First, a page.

FIG. 2 is a plan view of a chronically implantable lead 100 for stimulation of skeletal muscle 22 which powers the cardiac assist system 5 of FIG. 1. The proximal end of the lead contains a connector 102 which couples to the implantable pulse generator 36. A connector 102 has sealing rings 104 which provide a fluid tight connection with the implantable pulse generator 36. A terminal pin 106 electrically couples the lead to the implantable pulse generator 36.

An insulating sheath 108 electrically insulates the lead 100. A slidable suture sleeve 110 slides along the length of insulating sheath 108. Sutures used to tie down the lead 100 are imbedded in a groove 112 within the suture sleeve 110. A coaxial sheath 116 further helps insulate and strengthen the body of the lead 100. An electrode 114 comprises an uninsulated portion of a space wound wire conducting coil internal to insulating sheaths 108 and 116 and coaxial therewith. The electrode 114 is electrically coupled to the terminal pin 106.

A strand 120 of suture material of polypropylene or other polymer is attached to the proximal end of the lead 100, and extends along the length of lead 100, and is coaxial with insulating sheathes 108 and 116 and with the conducting coil. A curved surgical needle 118 is mechanically attached to the distal end of strand 120 of suture material.

A drug (such as a steroid and/or antibiotic) is releasably imbedded within the polymer of strand 120. During the life of lead 100, this drug leaches out into the surrounding tissue at a predetermined rate. Preformed helix 122 is deformably molded into strand 120. A detailed explanation of preformed helix 122 is found in U.S. Pat. No. 4,341,226 issued to Peters, incorporated herein by reference.

FIG. 3 is an alternative embodiment of the lead of FIG. 2. It is identical in all respects except that electrode 124 replaces electrode 114. Electrode 124 exposes a longer portion of the coiled conductor, thereby creating a much larger surface area for stimulation. The optimal surface area for stimulation varies with the specific application, and will normally be selected by the physician in charge of the surgery.

FIG. 4A is an enlarged view of the electrode 114 (or electrode 124 in the alternative embodiment) as located concentrically around the strand of suture material 120. As explained above, the strand 120 is a polymer imbedded with a glucocorticosteroid or antibiotic.

FIG. 4B is an enlarged partial view of an alternative embodiment of an electrode coil 200 and a concentric strand of suture material 202. In this embodiment, a spacer coil 204 of biocompatible material is added and coiled around the strand 202, such that the turns of both coils are substantially interleaved.

The spacer coil 204 is saturated with an appropriate drug (i.e., steroid and/or antibiotic agent). The compression and flexion movement of the heart tissue and the electrode coil 200 against the spacer coil 204 will cause the steroid, antibiotic, or elutable agent to be dispensed from the spacer coil 204.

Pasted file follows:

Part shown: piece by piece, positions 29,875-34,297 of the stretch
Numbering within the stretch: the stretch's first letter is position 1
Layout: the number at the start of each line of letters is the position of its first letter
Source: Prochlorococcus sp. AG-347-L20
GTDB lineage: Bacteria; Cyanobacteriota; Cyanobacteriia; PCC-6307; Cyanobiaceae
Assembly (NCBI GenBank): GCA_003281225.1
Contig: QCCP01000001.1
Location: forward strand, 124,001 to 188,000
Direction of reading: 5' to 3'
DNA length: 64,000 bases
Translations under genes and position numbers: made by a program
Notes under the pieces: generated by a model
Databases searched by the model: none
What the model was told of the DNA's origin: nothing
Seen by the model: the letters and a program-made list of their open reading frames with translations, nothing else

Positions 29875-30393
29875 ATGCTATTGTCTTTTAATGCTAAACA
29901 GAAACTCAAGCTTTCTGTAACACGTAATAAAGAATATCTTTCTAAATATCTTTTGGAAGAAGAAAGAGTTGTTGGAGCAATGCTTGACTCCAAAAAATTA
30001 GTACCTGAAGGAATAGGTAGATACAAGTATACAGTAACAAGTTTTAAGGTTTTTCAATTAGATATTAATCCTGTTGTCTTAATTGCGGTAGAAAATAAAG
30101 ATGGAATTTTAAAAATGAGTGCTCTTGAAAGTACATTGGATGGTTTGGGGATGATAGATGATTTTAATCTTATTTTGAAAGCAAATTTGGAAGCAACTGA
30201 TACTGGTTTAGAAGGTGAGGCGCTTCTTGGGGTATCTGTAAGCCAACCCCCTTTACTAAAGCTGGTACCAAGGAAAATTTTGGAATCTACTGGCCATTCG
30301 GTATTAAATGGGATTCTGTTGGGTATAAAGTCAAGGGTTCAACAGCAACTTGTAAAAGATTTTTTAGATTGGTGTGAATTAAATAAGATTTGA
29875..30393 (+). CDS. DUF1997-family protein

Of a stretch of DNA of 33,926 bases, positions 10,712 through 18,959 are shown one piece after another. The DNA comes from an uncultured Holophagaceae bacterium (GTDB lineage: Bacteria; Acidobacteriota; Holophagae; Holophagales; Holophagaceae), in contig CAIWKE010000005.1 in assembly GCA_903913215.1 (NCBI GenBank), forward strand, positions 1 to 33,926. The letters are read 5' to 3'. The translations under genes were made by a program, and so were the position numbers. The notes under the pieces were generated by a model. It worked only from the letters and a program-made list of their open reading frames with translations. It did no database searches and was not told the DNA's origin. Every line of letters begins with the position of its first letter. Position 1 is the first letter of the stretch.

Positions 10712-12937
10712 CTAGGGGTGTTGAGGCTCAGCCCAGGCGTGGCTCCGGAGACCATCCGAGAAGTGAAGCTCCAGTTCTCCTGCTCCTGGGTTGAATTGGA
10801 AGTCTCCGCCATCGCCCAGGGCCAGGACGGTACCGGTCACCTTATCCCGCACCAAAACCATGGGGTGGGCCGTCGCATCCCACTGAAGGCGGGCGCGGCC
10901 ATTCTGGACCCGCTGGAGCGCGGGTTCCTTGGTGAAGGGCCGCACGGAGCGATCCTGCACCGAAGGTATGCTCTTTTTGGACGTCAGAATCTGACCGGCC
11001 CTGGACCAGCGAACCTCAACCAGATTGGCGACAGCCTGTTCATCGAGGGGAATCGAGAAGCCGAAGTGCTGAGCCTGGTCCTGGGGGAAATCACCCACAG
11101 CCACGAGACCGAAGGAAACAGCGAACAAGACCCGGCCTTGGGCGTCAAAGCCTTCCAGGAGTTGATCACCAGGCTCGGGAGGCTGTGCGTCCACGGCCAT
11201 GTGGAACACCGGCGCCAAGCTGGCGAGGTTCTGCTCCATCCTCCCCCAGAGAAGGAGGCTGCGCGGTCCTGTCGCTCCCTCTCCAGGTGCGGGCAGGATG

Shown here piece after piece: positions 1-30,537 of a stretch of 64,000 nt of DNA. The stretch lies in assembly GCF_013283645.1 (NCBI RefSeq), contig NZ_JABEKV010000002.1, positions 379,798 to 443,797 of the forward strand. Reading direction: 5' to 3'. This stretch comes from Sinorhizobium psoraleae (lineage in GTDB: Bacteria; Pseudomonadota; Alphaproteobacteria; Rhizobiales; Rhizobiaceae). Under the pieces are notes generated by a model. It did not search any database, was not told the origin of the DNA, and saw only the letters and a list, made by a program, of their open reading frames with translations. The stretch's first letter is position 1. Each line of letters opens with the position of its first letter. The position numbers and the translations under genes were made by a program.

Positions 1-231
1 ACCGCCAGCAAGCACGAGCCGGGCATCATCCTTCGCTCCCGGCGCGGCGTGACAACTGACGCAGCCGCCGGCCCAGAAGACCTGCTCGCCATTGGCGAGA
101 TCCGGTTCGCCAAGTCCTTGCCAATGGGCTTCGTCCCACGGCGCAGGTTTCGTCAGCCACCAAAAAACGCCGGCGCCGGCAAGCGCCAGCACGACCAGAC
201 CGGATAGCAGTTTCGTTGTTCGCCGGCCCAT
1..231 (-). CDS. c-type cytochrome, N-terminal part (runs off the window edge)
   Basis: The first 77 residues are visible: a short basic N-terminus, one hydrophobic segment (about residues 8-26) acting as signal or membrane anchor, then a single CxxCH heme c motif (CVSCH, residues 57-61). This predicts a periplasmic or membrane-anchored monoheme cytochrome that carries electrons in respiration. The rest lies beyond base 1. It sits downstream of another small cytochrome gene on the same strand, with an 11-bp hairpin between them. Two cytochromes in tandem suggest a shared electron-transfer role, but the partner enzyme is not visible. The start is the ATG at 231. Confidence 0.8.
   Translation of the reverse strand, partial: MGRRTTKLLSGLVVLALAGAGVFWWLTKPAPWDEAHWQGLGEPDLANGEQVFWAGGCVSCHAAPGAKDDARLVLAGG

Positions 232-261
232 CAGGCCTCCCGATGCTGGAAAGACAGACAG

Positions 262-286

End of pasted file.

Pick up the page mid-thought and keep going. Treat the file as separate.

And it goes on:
It is therefore possible to store different types of drugs within the spacer coil 204 and the stand 202, for different treatment. It is also possible to have different steroids that interact within the muscle tissue, only after they are released from their respective storage strand 202 and spacer coil 204.

It is possible to store the steroid only in the spacer coil 204 and not in the strand 202 or vice versa.

FIG. 5 is a cross-sectional view of the lead 100. The strand 120 forms the core of the lead. It is concentrically surrounded by electrode 114 and insulating sheaths 108 and 116.

FIG. 6 shows the implantation of lead 100. Curved surgical needle 118 enters skeletal muscle 22 at puncture 128. It proceeds along path 132 and exits the skeletal muscle 22 at exit point 130. The preformed helix 122 sustains electrode 114 in contact with the skeletal muscle 22 at the puncture point 128. If glucocorticosteroid is used, it leaches out from strand 120 all along path 132 including puncture 128 and exit point 130 to minimize acute and chronic inflammation.

While particular embodiments of the present invention have been disclosed, it is to be understood that various different modifications are possible and are contemplated within the scope and spirit of the specification, drawings, abstract, and appended claims.

Claims (7)

We claim:
1. An implantable lead for stimulation of a skeletal muscle comprising:
A. terminal connector means;
B. conductor means electrically coupled to said terminal connector means, and insulated from the bodily fluids and tissues;
C. electrode means electrically coupled to said electrical conductor means for transferring electrical energy to the body tissue;
D. spacer means for storing drug and for allowing it to be gradually eluted; and
E. said electrode means forming a coil, and said spacer means also forming a coil, wherein at least one turn of said spacer means is interleaved with the turns of said electrode means.
2. The lead according to claim 1, further including an elongated strand of biocompatible material connected to said electrode means; and wherein said electrode means and said spacer means are coiled, at least partially around a portion of said strand.
3. The lead according to claim 2, wherein said strand is treated with elutable drug.
4. The lead according to claim 3, wherein said drug stored in said spacer means is different than said drug stored in said strand.